Fentanyl has hit San Francisco — like cities across this country — and it’s like nothing we’ve ever seen before. More people are getting addicted, and tragically more people are dying.
We are offering services and enforcing our laws to shut down open-air drug markets. But we need to do more. The failed policies of simply offering services and walking away when they are rejected again and again are not working.
We are going to have to get comfortable with being uncomfortable. We have to do something different.
That’s why I announced new legislation to require anyone who has a substance use disorder and wants to participate in our general assistance program to receive cash to be in treatment. In San Francisco, the program is called County Adult Assistance Program (CAAP), and anyone applying would be screened for a substance use disorder. If they are identified as having one, they have to enter treatment to receive the benefit.
Simply put, if you want cash from this taxpayer funded program, you need to participate in treatment.
This treatment could be a range of interventions from residential treatment, medical detox, medically assisted to outpatient options. There is no one answer. And this isn’t about requiring sobriety to get cash. It’s about getting into treatment and trying. We know people aren’t perfect and they will slip up. But they have to try.
Now, the critics are already saying that we shouldn’t try. But this crisis is too severe not to try. And frankly, I’m frustrated and tired of those who criticize our efforts to improve street conditions and save lives without offering any solutions or ideas of their own but would rather obstruct for their own political ends. This includes members of the Board of Supervisors who are saying no, once again, to finding ways to get people to accept care. Enough of the opposition and obstruction. Enough of the excuses.
President Peskin, in his opposition, said we should focus on arresting drug dealers. We are doing that. Our work to disrupt the open-air drug markets has focused on enforcement. Arresting those dealing drugs and detaining those who are using drugs, while offering them access to services upon release. Our Police officers have made a significant increase in arrests compared to last year, and federal and state law enforcement agencies are also out doing the same.
In just the last 100 days, SFPD has made 548 arrests for narcotic sales and 266 warrant arrests, seizing 44 kilos of fentanyl. This is about holding people accountable for the harm they are causing when they refuse help and continue to deal or use in public. We will continue to enforce these laws to shut down these drug markets.
But that can’t be the only solution. We also need more tools to compel people into treatment. We need to pull every lever we have because too many people are sick and dying in our City and too many people think the only answer is to just let people do drugs on the street and die.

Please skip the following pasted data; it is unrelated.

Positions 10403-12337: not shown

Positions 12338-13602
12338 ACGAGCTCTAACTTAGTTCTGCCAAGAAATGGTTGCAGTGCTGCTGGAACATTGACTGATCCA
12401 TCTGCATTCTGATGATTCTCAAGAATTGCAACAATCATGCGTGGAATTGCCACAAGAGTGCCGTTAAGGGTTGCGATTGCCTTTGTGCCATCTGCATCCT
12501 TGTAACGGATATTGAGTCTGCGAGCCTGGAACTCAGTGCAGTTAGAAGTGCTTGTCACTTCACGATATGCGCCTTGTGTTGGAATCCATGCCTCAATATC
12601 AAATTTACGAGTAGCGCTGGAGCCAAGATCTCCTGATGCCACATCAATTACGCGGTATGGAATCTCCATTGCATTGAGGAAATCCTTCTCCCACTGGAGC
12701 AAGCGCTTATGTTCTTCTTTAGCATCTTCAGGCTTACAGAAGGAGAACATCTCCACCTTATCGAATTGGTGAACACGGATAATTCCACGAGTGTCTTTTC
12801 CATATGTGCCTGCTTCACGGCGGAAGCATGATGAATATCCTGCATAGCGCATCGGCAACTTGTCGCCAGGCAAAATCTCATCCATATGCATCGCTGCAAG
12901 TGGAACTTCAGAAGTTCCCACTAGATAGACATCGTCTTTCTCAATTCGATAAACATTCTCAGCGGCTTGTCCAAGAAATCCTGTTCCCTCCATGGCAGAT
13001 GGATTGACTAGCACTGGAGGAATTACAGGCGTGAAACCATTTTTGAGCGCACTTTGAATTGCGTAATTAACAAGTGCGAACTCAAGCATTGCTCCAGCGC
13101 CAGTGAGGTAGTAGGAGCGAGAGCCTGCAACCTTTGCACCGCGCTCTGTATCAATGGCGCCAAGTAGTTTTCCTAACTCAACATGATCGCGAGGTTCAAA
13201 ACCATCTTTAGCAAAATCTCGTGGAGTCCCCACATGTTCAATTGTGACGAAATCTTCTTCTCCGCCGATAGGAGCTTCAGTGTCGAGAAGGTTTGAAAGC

As I said, the failed policies of the past aren’t working with fentanyl and where we are today. Thankfully there are members of the Board who are supporting these efforts, including Supervisors Matt Dorsey, who is in recovery himself, Rafael Mandelman, and Catherine Stefani.
Let’s talk about the services we are offering. We spend over $700 million a year in behavioral health services. That doesn’t include all the money we spend to shelter and house homeless people. It includes the 350 treatment beds we’ve added — on top of the 2200 we already had — and the over 4,000 people who are helping with medication like buprenorphine or methadone.
But our outreach workers, despite all of this, cannot force people to accept help. Let me give one example. Just last week, our SF Department of Health Street Care Team encountered 80 people who they offered substance use services to. One accepted.
That’s just one team in one week, but it’s what we are facing. We are not going to make a difference on what we are seeing on our street if this is our only answer. We have to do everything we can to reduce the deaths occurring on our sidewalks every single day.
Now, this is not the only solution we are pursuing. Right now, Senate Bill 43 to expand our conservatorship laws, is on the Governor’s desk, as are two bills to put forward state ballot measures to expand the number of treatment beds and resources for those who have mental illness and addiction issues. I’m grateful for the legislators who passed these measures, and I’m hopeful the Governor signs them. If conservatorship reform passes, we will aggressively implement those policies to compel more people into care.
The answer has to be all of the above. We need to try new solutions, not just lob criticisms. We have to try. We have to try for those who need treatment, for those who are at risk of dying, and for our neighborhoods and residents who are frustrated with the lack of accountability for all the funding we provide.
Change has to come.